If you want to hear some good stories, ask Ryan Hill about carving. The good-humoured carver started his career by learning how to carve soap stone at the Red Barn craft camp on Six Nations. He went on to sell his first piece when he was just 15 years old. “When I was like seven
If you want to hear some good stories, ask Ryan Hill about carving.
The good-humoured carver started his career by learning how to carve soap stone at the Red Barn craft camp on Six Nations. He went on to sell his first piece when he was just 15 years old.
“When I was like seven years old I wanted to try carving,” said Hill. “My parents gave me a knife and I started whittling out wood. Then over the years I tried carving here and there.”
Hill said he is “really proud” of his small beginnings at the Red Barn and his first deviation from soap stone led him to try pumpkin carving at a workshop in New York City in October of 2012 at the Botanical Gardens.
“Then I found ice,” he said.
Hill admitted he had always been drawn to ice as a medium. This led to his first try at ice carving in a competition dubbed the Winterlude Public Ice Carving Challenge in Ottawa at Confederation Park, on February 16, 2013.
“The first time I took a chisel to ice I was like ‘wow,’” he said. “I was just blown away. I couldn’t believe the way it cuts. It’s just really different and it’s an unbelievable material to work with”
Hill even took home first place for his icy rendition of an indigenous chief.
“It was a great day, the sun was shining, and that’s how I got into it,” he said. “I was sitting there carving away — trying to go real fast — ’cause I only had two hours, and somebody yelled ‘Ryan!’ I turned around and it was Robert and Donnie Jacobs,” he said, explaining that it was nice to see familiar faces from Six Nations.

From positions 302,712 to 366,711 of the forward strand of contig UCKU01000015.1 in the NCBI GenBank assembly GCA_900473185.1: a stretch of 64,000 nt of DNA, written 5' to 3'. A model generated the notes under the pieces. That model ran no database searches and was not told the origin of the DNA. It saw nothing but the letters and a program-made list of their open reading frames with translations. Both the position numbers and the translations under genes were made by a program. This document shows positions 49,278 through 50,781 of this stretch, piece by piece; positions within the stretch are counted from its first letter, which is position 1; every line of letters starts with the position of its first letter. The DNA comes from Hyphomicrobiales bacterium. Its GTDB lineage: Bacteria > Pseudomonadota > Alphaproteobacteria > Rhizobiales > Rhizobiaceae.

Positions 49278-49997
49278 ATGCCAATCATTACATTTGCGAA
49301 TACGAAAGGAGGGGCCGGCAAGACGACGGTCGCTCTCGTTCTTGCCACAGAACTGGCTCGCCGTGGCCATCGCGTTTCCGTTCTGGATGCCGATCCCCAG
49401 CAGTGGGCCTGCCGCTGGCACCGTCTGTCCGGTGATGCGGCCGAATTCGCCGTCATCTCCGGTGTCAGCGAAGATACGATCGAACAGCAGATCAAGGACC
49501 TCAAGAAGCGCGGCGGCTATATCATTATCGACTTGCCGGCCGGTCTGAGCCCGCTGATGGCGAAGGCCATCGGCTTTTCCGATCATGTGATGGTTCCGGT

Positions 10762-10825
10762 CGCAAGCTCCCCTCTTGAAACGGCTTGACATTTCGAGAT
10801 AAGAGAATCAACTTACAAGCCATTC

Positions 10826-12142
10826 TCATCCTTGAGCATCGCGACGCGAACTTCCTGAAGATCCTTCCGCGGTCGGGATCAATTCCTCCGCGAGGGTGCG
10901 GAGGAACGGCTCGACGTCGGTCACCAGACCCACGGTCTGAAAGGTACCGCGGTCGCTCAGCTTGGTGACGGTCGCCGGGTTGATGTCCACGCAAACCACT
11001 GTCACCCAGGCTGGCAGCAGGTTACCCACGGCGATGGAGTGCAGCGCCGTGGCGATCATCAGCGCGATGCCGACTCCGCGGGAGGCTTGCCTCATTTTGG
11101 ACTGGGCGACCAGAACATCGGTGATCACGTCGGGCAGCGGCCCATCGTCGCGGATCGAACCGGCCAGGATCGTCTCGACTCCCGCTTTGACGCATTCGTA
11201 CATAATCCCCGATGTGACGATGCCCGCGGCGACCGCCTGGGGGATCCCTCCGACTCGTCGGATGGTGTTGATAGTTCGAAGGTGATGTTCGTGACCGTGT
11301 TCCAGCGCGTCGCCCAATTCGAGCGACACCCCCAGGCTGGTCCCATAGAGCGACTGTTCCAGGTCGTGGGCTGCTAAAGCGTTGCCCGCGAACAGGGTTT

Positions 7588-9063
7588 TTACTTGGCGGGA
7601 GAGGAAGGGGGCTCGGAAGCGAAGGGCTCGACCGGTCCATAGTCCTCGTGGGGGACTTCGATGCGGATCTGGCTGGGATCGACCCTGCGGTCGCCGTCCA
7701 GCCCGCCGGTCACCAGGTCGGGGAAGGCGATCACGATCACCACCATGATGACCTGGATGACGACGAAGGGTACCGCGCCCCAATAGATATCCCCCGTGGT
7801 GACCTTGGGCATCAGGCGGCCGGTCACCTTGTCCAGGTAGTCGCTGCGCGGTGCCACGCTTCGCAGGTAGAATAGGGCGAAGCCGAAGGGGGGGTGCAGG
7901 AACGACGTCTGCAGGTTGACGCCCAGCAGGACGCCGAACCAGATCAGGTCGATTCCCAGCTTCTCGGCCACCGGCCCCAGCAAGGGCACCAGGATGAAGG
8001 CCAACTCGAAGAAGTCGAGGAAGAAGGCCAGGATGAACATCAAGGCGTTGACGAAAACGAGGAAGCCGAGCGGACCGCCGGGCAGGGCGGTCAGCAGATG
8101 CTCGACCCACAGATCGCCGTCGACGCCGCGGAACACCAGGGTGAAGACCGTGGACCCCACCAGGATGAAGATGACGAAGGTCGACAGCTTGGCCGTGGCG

Now a member of the Canadian Ice Carvers Society; Hill is the only member of the society to make it past the selection process to get into his second international competition. Within just a few weeks, Hill will be travelling to Ottawa to compete at the ATCO International Ice Carving Competition in Crystal Gardens.
“You have to submit a whole portfolio of what you’ve did before,” he said. “It’s a pretty big deal because there were a lot of entries into the solo category.”
His first attempt at the international level was to see how he measured up, but this time he will be competing in the solo category to carve seven 297 pound blocks of clear ice in hours.
“I’m newer to ice carving so there’s a lot of little subtleties that I don’t know, and that I’m still learning,” he said. “I have experience from last year which is pretty good, because I know what I have to do now.”
But, the fact that tools are so expensive Hill is pushed to have to borrow the tools he needs, but this doesn’t stop him from doing what he loves.
“When I sculpt it’s a feeling, when I carve it’s a feeling. I think it’s like a whole spiritual process and it’s really what’s inside of me, like in my heart that I get to carve,” and Hill hopes to bring that mentality to the table at the international level once again.
Hill’s Facebook page Rock Studio has received more than 300 likes, and he regularly posts his pieces if you would like to check out some of his work.
If you would like to support Hill to find a way to cover the cost of tools, contact him via email firstname.lastname@example.org or text 343-370-7223.